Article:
Google won't be an integral part of the coordinated blackout to protest SOPA and PIPA, but it's doing its part to support allies like Wikipedia and Reddit.
After posting SEO tips Tuesday to help blacked-out Web sites continue to get online traffic, Google's Pierre Far has announced that the search engine's GoogleBots, the web crawler that picks up sites to display, has been altered to move at much slower rates for Jan. 18.
What does this mean for the Internet? Basically, that sites participating in the blackout are less likely to be affected by their decision to self-censor.
SEO Tips for Blacked Out Sites
On Tuesday, Google provided some SEO tips for Wikipedia, Boing Boing and other sites that plan to self-censor themselves for Internet Blackout Day. Search Engine Optimization is what keeps some stories at the top of Google's news clusters, and one traffic-less day can hurt page views.
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Google also announced that it would be including a link to information about the controversial bill on its Web site. Google on Wednesday blacked out its google doodle in a show of solidarity.
Google, which has been a vocal opponent of the controversial bills, wanted to take its protest one step further. However, because of the news sources that depend on Google Search and Google News to distribute information, from CNN to The IBTimes, the search engine wasn't able to do a full blackout all day.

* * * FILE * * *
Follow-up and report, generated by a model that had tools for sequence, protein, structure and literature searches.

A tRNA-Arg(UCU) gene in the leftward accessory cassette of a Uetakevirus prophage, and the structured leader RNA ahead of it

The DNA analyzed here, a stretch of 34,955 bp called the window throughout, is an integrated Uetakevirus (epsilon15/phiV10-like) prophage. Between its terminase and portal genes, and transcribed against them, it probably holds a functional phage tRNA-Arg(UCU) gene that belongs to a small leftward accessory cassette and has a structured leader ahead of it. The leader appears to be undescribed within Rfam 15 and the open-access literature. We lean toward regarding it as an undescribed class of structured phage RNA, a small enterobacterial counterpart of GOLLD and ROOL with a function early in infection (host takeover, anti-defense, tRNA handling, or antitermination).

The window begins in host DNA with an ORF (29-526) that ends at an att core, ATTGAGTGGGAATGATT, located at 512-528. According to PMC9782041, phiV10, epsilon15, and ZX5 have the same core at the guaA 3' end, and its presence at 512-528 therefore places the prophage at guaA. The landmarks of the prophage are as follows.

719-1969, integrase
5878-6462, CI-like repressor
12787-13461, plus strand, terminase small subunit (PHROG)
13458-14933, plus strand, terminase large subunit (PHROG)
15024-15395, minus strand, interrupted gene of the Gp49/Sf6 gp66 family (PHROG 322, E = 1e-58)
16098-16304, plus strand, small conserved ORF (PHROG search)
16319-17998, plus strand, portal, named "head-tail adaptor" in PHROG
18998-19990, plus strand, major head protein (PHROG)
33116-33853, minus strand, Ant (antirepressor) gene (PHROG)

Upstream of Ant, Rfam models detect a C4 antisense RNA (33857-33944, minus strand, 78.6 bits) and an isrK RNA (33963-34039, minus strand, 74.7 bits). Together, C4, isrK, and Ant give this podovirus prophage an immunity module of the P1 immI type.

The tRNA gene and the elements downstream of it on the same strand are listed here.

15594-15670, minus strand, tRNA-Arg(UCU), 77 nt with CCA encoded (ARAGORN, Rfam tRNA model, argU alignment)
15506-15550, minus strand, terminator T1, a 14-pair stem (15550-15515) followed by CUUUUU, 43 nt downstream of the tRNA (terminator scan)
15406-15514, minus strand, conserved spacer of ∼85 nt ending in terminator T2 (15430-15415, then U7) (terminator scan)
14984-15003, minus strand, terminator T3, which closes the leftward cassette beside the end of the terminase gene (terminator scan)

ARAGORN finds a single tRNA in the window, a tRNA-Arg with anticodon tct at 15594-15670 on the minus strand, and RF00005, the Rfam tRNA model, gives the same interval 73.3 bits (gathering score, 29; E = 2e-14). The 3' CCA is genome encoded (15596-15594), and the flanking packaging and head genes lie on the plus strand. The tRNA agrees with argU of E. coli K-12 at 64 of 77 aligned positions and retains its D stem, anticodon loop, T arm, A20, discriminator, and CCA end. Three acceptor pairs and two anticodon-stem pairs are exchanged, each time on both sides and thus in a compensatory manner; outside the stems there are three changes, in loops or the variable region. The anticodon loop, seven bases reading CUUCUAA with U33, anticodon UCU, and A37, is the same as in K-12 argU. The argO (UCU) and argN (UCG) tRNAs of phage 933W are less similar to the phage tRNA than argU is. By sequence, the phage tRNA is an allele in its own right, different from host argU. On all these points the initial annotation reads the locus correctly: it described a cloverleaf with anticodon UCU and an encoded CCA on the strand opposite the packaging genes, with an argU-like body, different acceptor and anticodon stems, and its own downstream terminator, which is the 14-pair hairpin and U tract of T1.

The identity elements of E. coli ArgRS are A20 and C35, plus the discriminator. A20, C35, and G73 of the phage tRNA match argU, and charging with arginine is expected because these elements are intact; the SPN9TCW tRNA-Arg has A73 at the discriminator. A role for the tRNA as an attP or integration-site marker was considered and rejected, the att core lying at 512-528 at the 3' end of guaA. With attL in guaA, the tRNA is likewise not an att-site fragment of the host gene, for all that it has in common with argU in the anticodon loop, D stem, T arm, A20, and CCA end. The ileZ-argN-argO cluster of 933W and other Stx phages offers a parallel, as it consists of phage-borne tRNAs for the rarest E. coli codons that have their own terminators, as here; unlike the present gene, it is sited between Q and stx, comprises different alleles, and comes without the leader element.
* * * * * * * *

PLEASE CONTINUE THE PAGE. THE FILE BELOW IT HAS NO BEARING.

That's when Far, a Webmaster Trends Analyst at Google, decided to the Web site could still do its part in the SOPA protests.
Google Slows Down GoogleBot
Hello webmasters! Far wrote on Google + this morning. We realize many webmasters are concerned about the medium-term effects of today's blackout.
He then went on to explain the dilemma: if the GoogleBot, Google's web crawler, went at its usual speed, it would pass right over sites censoring themselves to protest SOPA and PIPA, effectively erasing them from search.
As a precaution, the crawl team at Google has configured GoogleBot to crawl at a much lower rate for today, Far explained.
This way, the Google results of Web sites participating in the blackout are less likely to be affected.
The decision to slow down Google's web crawler is a serious move on the company's part, and a testament to its commitment to oppose SOPA and PIPA.
A forum discussion of the move has been launched at Google +. So far, reaction to the move has been overwhelmingly positive.
To find out more about the Stop Online Piracy Act, check out SOPA Bill 2012: 7 Things to Know About Controversial Legislation.